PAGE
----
5. Sayyida al-Hurra

Sayyida al-Hurra
Source: Wonderslist

A pirate queen and ally of the infamous Turkish pirate Barbarossa, Sayyida al-Hurra was the ruler of the Moroccan city of Tetouan. In fact, Sayyida al-Hurra is a title for a noble lady and her real name is unknown. Governing from 1515 to 1542, she controlled the western part of the Mediterranean Sea. She allegedly became a pirate to take revenge on Christian rulers. She later married the king of Morocco, but was eventually overthrown by her son-in-law. Your remaining life is lost in history.

4. Jeanne de Clisson

Jeanne de Clisson
Source: Wonderslist

Known as the Lioness of Brittany, she was the wife of Olivier III de Clisson and the mother of five children. She became a pirate to take revenge on the French king Philip VI, after her husband was executed for treason. She sold all of her properties and bought three warships. Jeanne and her crew terrorized the English Channel, capturing only French ships and killing most of their crew. She retired from piracy in 1356 and later married English lieutenant Sir Walter Bentley.

3. Mary Read

Mary Read
Source: Wonderslist

The daughter of a sea captain, Mary Read was Anne Bonny’s close companion. She was known for her talent to disguise herself as a man and lived in the disguised childhood of her stepbrother Mark. She joined the British army and fell in love with a Flemish soldier. After her death, she went to the Caribbean as a sailor. She was captured by pirates there and was introduced to her crew. Later, she met and became friends with Anne Bonny and joined Calico Jack’s crew. Only a few people knew that she was a woman. English forces captured her with Jack and his crew in 1720. Although she escaped execution with Bonny, Read died in prison the following year from a fever.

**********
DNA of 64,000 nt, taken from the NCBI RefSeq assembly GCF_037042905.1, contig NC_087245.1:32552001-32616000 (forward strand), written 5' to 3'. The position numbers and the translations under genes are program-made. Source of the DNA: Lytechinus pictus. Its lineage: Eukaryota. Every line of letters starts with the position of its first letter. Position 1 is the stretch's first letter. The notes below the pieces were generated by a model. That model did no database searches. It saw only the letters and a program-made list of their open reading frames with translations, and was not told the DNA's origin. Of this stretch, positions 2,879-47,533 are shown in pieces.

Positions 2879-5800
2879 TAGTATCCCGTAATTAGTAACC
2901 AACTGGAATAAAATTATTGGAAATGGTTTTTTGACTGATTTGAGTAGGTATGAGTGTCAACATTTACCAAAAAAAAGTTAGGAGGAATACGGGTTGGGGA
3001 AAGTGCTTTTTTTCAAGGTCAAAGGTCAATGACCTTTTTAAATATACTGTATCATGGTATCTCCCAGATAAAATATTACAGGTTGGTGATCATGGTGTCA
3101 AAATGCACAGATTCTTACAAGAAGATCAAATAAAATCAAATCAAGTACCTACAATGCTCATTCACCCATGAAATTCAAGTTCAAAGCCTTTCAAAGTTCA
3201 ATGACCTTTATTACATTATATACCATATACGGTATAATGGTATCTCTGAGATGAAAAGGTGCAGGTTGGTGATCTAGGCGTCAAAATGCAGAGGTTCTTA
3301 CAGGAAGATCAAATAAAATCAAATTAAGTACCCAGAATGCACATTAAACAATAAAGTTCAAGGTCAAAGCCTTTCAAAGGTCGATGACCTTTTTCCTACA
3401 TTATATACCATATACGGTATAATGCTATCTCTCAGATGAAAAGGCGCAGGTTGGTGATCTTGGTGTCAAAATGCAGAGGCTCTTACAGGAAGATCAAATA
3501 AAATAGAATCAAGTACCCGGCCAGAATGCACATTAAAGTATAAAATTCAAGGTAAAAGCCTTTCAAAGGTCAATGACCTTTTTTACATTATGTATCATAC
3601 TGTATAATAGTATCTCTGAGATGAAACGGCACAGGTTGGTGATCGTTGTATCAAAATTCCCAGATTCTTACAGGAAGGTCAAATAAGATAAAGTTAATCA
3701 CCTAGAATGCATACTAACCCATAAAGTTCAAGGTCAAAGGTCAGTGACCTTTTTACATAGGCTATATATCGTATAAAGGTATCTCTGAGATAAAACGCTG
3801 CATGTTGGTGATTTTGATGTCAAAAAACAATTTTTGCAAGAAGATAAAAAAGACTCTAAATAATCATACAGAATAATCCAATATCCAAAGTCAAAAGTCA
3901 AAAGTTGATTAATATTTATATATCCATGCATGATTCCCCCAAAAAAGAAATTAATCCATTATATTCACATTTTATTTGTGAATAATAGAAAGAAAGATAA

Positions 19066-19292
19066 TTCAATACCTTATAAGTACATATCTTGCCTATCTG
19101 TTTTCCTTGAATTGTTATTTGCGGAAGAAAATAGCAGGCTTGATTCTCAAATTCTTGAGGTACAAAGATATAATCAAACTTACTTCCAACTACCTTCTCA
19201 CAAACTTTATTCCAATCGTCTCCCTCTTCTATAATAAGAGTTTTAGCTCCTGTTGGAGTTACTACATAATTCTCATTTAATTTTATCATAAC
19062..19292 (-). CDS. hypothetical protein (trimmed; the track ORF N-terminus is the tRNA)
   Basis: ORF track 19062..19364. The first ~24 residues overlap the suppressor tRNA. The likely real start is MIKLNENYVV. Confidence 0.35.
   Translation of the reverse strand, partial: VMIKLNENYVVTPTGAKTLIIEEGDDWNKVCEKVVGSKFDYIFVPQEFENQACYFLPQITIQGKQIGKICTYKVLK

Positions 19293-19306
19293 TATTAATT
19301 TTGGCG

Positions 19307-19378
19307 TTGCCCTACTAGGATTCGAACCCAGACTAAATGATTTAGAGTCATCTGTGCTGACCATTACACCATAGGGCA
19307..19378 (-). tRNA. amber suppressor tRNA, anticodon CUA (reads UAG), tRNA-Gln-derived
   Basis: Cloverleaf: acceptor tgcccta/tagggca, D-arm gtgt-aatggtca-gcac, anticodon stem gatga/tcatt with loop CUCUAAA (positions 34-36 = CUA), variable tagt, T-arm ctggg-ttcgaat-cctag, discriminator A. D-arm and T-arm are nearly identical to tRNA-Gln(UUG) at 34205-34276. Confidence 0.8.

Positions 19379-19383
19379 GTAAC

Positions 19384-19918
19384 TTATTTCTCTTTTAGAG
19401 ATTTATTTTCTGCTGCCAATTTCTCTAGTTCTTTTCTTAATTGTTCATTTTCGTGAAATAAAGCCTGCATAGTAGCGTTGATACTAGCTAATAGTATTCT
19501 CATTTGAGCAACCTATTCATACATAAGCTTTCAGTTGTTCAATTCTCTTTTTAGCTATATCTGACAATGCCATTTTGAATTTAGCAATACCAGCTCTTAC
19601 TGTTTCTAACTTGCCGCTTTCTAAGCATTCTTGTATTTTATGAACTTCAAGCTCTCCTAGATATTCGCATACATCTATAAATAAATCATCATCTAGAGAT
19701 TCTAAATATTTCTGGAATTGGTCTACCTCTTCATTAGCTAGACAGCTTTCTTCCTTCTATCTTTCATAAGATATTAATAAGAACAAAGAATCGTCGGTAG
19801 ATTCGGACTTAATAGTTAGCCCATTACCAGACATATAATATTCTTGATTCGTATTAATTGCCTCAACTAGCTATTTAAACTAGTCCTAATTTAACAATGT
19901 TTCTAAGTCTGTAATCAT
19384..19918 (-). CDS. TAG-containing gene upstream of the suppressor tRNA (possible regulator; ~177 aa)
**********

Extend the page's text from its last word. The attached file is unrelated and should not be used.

2. Anne Bonny

Irish pirate Anne Bonny
Source: Wonderslist

Anne Bonny is a name that should not be forgotten in the history of pirates. The daughter of an Irish lawyer, she married James Bonny, a small-scale pirate, in 1718 and moved to the Bahamas. There, she fell in love with the infamous pirate John ‘Calico Jack’ Rackham and separated from her husband. She married Calico Jack and became a member of her crew. She dominated the Caribbean seas, partnering with the equally infamous pirate Mary Read and capturing many ships. In 1720, Rackham and his crew were captured by English forces and executed. Anne and Mary were released from execution due to pregnancy. It is not clear what happened to them next.

1. Ching Shih

Ching Shih
Source: Wonderslist

Usually called the most fearsome female pirate in history, Ching Shih was a Chinese pirate who reigned over the waters of the China Sea in the early 19th century. A former prostitute, she was captured by pirates in 1801 and married the gang’s captain, Zheng Yi. She took command of the fleet, called the Red Flag Fleet, after her husband’s death, and attacked British and Chinese ships. Its fleet has often grown in relation to its formal size. The Chinese government made a truce with her in 1810. She spent the rest of the years running a brothel until her death in 1844.